The initial remit of the group was to:

- Redesign the community care referral form for community nurses in a tick-box format;

- Standardise all documentation sent to the primary health care team;

- Identify the equipment requirements of patients and how to obtain these supplies;

- Set up in-service and outreach educational programmes.

Redesigning the referral form

The previous community care referral form for patients discharged from The Royal Marsden Hospital was time-consuming for ward nurses to complete. It was decided, therefore, to redesign the form in a tick-box format (Fig 1).

Most patients require referral to community nurses and/or local social services at some stage in their illness, so the form was revised to improve and accelerate the process of nurse-to-nurse referral. This does not take the place of but complements verbal contact between the hospital and community nurses, which is particularly important when equipment needs to be in place before the patient is discharged. Where possible, community staff are also invited to attend family meetings and case conferences. The form contains instructions for it to be faxed to the community nurses after initial contact by telephone.

All health care professionals involved in discharge planning were consulted and given a chance to discuss the project at every stage, both in the hospital’s multidisciplinary team and the primary health care team (Box 1).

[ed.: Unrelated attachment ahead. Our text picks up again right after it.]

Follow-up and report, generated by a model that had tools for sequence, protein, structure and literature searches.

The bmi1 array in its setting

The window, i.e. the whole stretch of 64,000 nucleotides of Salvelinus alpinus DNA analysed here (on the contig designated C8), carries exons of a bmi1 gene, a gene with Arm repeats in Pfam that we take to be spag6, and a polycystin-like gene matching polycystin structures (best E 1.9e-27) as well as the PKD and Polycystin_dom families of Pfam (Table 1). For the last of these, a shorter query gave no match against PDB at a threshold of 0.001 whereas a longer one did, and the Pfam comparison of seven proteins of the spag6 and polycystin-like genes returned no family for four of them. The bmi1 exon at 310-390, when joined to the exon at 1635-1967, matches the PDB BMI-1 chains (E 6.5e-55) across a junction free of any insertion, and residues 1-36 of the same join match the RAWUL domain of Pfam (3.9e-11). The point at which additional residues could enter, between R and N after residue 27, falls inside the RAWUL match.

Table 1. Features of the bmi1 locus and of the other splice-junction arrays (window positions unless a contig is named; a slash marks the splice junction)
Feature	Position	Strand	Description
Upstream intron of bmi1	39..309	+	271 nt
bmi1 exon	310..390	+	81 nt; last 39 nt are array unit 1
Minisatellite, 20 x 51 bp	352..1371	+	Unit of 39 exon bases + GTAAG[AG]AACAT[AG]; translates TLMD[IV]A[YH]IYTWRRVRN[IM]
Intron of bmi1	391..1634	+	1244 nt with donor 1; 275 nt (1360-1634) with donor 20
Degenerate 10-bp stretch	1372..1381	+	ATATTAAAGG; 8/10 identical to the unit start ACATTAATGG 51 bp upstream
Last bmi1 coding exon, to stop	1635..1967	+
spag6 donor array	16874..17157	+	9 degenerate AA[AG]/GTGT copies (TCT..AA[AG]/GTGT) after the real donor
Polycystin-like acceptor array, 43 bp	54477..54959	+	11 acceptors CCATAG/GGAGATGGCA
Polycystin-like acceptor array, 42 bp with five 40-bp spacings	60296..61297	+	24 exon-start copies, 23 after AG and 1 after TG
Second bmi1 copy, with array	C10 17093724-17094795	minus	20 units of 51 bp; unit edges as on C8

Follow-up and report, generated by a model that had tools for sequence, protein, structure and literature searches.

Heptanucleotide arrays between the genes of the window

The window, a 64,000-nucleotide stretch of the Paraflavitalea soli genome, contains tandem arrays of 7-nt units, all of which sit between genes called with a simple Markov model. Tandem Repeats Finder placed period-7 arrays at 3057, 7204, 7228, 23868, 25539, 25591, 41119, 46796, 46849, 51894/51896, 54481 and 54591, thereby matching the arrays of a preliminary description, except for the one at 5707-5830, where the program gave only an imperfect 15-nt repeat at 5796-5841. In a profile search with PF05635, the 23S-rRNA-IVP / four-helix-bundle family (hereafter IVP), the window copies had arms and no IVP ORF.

Guidelines on completing the form (Fig 2), together with checklists for equipment (Fig 3) and information to be given on discharge, were collated into folders for ward and outpatient department use. The information was also displayed on the hospital’s intranet.

Before implementation, the form was piloted across the trust and forwarded for comment to district nurses and community palliative care teams. Revisions were made where appropriate. Positive feedback was obtained from all health care professionals (Box 2).

Educational programme

The remit of the group included planning a comprehensive teaching programme aimed at both ward and community nurses to ensure the success of both the new form and the accompanying information.

Education needs to be ongoing for sustainable change to occur, so pocket-sized guidelines were produced as a further memory aid for nurses and doctors.

A rolling programme of education to introduce the pack was instituted across the hospital, with the provision of one-to-one and group sessions for those who requested them.


This project has followed The Royal Marsden Hospital’s strategy for nursing, which includes:

- The promotion of person-focused care;

- Clinical effectiveness via evidence-based practice;

- The sharing of best practice;

- Decision-making;

- The documentation of care.

Quality discharge should not be a matter of chance (Department of Health, 1994). Communication networks between hospitals and the community are improving, especially with the government’s commitment to a primary-care led NHS.

The focus on developing patient-centred care and services closer to where people live will depend on primary, secondary and tertiary centres working effectively together. Discharge planning is a key example of where this kind of team work is crucial.

- The author would like to acknowledge the help and support of Miriam Wood, informatics/project nurse and The Royal Marsden Hospital